Let us consider the facts. Since 1979 over 200 Acts of Parliament affecting the powers and responsibilities of local government have been implemented. Regulations of the greatest detail have been introduced to curtail the freedom of local councils to take their own decisions. The degree of central government interference in what most countries would regard as management decisions is not mirrored anywhere else in the developed world. There has been a deliberate attempt to bypass local authorities through the mechanism of the quango. Government-appointed or self-appointed bodies are now responsible for over £30 billion of public spending which used to be under the influence or control of elected local authorities. Education, training, housing, urban development, public transport and planning are only some of the major policy areas over which democratically elected representatives of local people have lost their say. To cap it all, central government now make no fewer than 40,000 appointments to non-elected bodies.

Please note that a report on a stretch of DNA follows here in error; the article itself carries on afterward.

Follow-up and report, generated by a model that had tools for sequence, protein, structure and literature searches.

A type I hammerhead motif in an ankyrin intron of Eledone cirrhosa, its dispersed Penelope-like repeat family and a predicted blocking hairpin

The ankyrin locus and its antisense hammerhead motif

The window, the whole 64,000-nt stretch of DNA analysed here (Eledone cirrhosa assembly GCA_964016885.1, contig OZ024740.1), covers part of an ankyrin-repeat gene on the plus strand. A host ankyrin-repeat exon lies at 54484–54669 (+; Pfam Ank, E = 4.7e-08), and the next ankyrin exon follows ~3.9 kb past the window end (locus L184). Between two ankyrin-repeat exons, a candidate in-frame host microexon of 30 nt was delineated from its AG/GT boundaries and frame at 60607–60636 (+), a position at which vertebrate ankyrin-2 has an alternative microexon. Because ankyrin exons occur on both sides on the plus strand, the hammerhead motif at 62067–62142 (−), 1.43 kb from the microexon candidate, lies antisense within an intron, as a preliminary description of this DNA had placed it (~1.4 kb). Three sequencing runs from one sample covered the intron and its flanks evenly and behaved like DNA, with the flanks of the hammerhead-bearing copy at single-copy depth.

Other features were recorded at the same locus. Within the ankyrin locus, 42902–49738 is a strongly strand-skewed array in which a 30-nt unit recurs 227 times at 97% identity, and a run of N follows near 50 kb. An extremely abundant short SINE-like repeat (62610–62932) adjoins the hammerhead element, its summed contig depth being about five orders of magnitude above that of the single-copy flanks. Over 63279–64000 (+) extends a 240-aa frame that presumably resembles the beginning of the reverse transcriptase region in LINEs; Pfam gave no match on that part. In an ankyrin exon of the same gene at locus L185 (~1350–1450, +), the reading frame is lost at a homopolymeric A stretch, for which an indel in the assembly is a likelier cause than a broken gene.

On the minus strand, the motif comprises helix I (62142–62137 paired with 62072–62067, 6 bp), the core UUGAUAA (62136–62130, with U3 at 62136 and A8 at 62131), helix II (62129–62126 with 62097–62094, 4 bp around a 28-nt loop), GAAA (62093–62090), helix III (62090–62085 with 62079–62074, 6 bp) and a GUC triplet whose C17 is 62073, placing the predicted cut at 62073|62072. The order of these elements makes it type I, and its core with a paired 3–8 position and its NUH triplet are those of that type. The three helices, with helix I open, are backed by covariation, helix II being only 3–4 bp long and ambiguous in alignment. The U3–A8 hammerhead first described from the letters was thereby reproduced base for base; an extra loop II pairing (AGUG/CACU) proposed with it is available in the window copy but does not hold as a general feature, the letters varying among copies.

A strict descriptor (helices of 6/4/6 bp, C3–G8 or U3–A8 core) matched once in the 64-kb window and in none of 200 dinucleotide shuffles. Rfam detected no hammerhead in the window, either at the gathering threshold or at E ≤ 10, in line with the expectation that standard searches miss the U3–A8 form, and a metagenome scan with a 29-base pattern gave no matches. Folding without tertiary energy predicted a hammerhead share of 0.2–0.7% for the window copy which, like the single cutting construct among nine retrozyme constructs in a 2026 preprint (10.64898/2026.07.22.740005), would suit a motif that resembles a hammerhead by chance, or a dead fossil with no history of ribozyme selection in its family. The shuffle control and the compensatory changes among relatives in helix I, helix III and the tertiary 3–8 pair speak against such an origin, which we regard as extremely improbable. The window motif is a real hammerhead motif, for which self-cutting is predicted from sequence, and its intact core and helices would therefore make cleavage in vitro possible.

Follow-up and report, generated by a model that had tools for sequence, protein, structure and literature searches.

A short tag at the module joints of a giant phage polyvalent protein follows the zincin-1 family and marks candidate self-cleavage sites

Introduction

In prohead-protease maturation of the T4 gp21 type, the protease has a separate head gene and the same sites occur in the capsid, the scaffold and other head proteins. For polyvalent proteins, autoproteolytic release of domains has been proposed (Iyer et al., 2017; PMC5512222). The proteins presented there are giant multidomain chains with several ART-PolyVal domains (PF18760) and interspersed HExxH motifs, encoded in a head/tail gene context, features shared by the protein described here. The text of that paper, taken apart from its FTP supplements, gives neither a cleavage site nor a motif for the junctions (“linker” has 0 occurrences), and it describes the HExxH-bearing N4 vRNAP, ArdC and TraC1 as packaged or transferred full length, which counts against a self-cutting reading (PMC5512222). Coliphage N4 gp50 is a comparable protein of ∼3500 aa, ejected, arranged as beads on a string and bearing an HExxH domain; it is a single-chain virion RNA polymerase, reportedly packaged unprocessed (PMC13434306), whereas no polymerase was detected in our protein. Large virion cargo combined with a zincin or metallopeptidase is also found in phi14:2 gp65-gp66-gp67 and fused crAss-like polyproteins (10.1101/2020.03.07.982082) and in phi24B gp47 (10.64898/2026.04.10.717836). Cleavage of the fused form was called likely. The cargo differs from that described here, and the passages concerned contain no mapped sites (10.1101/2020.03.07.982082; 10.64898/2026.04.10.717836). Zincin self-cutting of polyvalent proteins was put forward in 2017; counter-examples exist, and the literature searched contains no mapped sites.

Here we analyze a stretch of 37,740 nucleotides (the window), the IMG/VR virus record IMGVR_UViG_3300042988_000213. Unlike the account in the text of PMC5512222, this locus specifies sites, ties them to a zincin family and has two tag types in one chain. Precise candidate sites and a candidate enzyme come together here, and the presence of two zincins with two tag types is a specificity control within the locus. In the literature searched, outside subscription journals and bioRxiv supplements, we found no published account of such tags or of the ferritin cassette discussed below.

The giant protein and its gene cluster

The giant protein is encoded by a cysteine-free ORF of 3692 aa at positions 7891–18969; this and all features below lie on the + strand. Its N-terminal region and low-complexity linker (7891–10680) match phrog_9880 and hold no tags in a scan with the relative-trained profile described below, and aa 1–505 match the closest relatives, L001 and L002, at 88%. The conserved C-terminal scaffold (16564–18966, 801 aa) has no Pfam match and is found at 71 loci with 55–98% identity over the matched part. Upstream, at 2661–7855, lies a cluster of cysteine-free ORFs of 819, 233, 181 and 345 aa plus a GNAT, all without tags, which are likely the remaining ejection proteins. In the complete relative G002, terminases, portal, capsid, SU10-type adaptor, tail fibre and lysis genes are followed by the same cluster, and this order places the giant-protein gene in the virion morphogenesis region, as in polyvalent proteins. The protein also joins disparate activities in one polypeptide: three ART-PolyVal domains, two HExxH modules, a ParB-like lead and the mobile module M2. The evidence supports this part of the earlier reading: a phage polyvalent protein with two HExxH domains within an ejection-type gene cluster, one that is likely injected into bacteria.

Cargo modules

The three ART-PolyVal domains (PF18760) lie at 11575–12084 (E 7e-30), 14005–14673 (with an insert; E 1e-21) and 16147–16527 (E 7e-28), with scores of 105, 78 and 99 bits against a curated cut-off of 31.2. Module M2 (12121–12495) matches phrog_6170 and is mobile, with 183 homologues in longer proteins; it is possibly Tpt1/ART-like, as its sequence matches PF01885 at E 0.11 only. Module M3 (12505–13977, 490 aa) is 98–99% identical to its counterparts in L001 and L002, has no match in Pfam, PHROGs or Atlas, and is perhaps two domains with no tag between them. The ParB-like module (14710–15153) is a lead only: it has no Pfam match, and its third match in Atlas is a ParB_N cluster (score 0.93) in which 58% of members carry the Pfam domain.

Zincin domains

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In the light of all that, it is no wonder that local authorities have lost trust and that the noble Lord--I am sure he was responsible--entitled the report, Rebuilding Trust. It is little wonder that in the circumstances so few candidates of quality in any party are prepared to stand for election as councillors or to serve local authorities as officials. Local government used to be the breeding ground for aspiring politicians at national level. It is no longer. It seems that that role has now passed to estate agencies.

That leads me naturally, since it is central to the problem pointed out by the noble Lord, Lord Hunt, to local authority finance. It is at the heart of centralisation, as the committee points out in chapter 5. It is clear to us that local authorities should have as great a control over their revenue-raising powers as is possible. Perhaps I may speak to the present situation. Local authorities should not be put in the position in which they are forced to raise council tax in order to provide a dying government with room to reduce the headline rate of income tax. In case your Lordships think I am making too much of a party political point, it is worth remembering that last April, when inflation was 2.4 per cent., council tax increases averaged 6 per cent. The previous year, when inflation was at 3 per cent., council tax increases averaged 5.2 per cent.